Pop 25 - The shortcut in obtaining a cruising sailboat
There is nothing more frustrating than having a dream that can’t be achieved. Cruising under sail is an activity that can bring endless pleasure, however it might be a distant dream for many.
Owning a proper offshore cruising sailboat is not an easy endeavour for those with a short budget. Working in yacht design teaches us that heaps of cruising lovers of all ages just dream with owning a proper cruising sailboat, having no idea on how to make their dream come true.
Since we love cruising as much as we love designing, it is fantastic trying to democratize cruising under sail. The shortcut we can conceive is designing for amateur construction. It was with this idea in mind that we designed the Pop 25, a cheap, easy to build project, specified with a unique building technique that allows seeing the result of the work in very short time.
Our purpose was to design a twenty-five footer fit for ocean passages. However some sort of compromise had to be achieved, since there is no miracle. Being small means being cheap and simpler to make. It is like owing a compact car. You haven’t much room to spare, but you are free to go anywhere. The tricks we had to overcome to provide the proper craft for the job was to ensure seaworthiness, acceptable headroom in the saloon, above average fresh water tank capacity, excellent sleeping accommodation, natural ventilation and adequate thermal insulation. Add to these features auxiliary electric propulsion and the ability to accomplish hull maintenance for free in any place where tide range surpasses 1.10m, and we had reasons to believe we had achieved our goal.
Being able to accomplish hull under-body maintenance without having to pay for that is priceless. If this boat is capable of crossing oceans in safety and comfort, besides being cheap and easy to build, then it may represent a benchmark in cruising sailboat design.
Our message was captured by many cruising enthusiasts in different countries. The Pop 25 class is becoming the present blockbuster stock plan of the office. No matter where you are from, the appeal of the design for its offshore capability at an affordable cost is there to bewitch you. Why going nowhere if you can go wherever you fancy in an easy to build, low cost twenty-five footer.
A good example of the enthusiasm for the design is the construction of Konquest by the Shurhaus brothers, in Santa Catarina, Southern Brazil. They are having great fun in building their boat. When constructing the navigation table they took the care to put an inlaid compass rose in the centre of the table’s lid, a gesture representing the ultimate enjoyment they are profiting from their work.
A proper offshore cruising sailboat deserves having a proper navigation table. The Pop 25 is particularly well served in this respect. The navigator seats facing forward, there is a bulkhead where radar monitor and chart plotter can be installed, besides possessing a large locker to store paper charts. The inlaid compass rose decorating the table’s lid shows well how the Shurhaus brothers are enjoying their construction. Courtesy: Marcelo Schurhaus.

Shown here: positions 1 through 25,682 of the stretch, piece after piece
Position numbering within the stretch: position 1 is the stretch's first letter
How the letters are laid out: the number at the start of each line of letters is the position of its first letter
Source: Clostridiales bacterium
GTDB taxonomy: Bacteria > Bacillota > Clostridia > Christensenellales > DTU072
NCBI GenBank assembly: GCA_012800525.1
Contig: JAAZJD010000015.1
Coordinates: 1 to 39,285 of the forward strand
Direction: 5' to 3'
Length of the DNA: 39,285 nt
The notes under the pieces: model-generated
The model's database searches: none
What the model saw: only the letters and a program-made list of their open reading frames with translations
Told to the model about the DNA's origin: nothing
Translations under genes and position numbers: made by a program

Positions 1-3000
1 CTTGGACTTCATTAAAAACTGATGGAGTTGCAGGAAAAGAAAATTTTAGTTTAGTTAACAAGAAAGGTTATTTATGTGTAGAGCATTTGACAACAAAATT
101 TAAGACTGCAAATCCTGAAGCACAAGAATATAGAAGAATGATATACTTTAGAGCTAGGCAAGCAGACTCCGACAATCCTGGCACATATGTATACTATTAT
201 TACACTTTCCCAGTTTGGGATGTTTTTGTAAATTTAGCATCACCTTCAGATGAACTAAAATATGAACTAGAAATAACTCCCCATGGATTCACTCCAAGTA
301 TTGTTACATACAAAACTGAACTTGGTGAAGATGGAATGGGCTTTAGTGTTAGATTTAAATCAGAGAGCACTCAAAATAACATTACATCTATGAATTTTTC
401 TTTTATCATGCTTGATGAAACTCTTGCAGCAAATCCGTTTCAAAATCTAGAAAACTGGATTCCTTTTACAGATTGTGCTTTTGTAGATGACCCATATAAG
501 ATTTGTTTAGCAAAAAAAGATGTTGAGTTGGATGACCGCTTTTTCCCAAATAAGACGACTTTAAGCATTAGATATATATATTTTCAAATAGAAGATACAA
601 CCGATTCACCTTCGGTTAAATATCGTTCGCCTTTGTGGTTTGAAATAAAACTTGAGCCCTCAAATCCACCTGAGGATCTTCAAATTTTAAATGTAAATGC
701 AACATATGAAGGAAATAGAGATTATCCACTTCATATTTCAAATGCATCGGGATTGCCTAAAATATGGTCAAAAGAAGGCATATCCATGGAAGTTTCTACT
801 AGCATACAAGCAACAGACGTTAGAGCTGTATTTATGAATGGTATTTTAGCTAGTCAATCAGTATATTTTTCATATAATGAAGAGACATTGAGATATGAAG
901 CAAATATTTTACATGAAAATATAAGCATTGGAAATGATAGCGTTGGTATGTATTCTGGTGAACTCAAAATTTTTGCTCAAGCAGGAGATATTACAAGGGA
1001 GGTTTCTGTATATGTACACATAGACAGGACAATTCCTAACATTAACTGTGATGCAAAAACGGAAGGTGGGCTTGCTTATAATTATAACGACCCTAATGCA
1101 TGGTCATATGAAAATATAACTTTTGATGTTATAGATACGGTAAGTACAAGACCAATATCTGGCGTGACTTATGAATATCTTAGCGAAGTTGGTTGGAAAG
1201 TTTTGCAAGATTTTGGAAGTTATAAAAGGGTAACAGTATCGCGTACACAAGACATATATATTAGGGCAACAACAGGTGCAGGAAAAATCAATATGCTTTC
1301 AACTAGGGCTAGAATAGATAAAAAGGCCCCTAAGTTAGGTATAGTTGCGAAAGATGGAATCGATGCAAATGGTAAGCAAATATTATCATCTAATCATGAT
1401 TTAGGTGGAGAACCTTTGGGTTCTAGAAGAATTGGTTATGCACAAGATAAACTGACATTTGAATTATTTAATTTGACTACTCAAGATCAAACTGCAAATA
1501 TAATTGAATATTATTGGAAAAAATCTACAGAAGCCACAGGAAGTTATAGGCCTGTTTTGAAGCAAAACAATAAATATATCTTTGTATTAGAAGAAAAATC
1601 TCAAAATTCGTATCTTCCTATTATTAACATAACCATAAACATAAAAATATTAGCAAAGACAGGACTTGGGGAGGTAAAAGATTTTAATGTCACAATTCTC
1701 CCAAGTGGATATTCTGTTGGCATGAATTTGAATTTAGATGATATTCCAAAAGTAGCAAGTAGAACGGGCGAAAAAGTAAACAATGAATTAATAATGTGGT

How many sailboats of this size have quarter berths as large as the Pop 25 ones? Courtesy: Marcelo Schurhaus.
Another example of dedication is the construction of Hayal, being built by Selim Karahan and his father in Turkey. Being totally inexperienced in boat building, they are now concluding their construction, a challenge they are overcoming with great excitement. The local interest for the launching must be great, since there are various other builders of Pop 25 in that country.
Hayal must be concluded by now. This photo is about two months old. The Karahans are installing a Yanmar 2YM sail-drive diesel engine instead of the electric motor specified in the plans. On their request we made the plan for the installation of this auxiliary diesel which we delivered to them as courtesy. Photo: Selim Karahan.
We follow with regularity the progress of our builders who edit blogs to show their work. One of them is Rancho Alegre, being built by Francisco Aydos in Rio Grande do Sul, Southern Brasil. This Pop 25 is also in the final stage of construction and soon will be sailing.
Rancho Alegre is in the last stages of construction, having its interior already concluded and all custom fittings, including the keels, ready to be installed. Courtesy: Francisco Aydos.
Francisco opted for the Volvo D1-13 sail-drive diesel engine instead of electric auxiliary propulsion. Courtesy: Francisco Aydos.
Rancho Alegre is missing very little work to be completed. The two steel keels had been protected against corrosion by hot-deep galvanization, a guaranty of dozens of years of rust-free life. The possibility to build the bulbs in a lathe is another advantage of the Pop 25 specifications. Courtesy: Francisco Aydos.
Click here to learn more about the Pop 25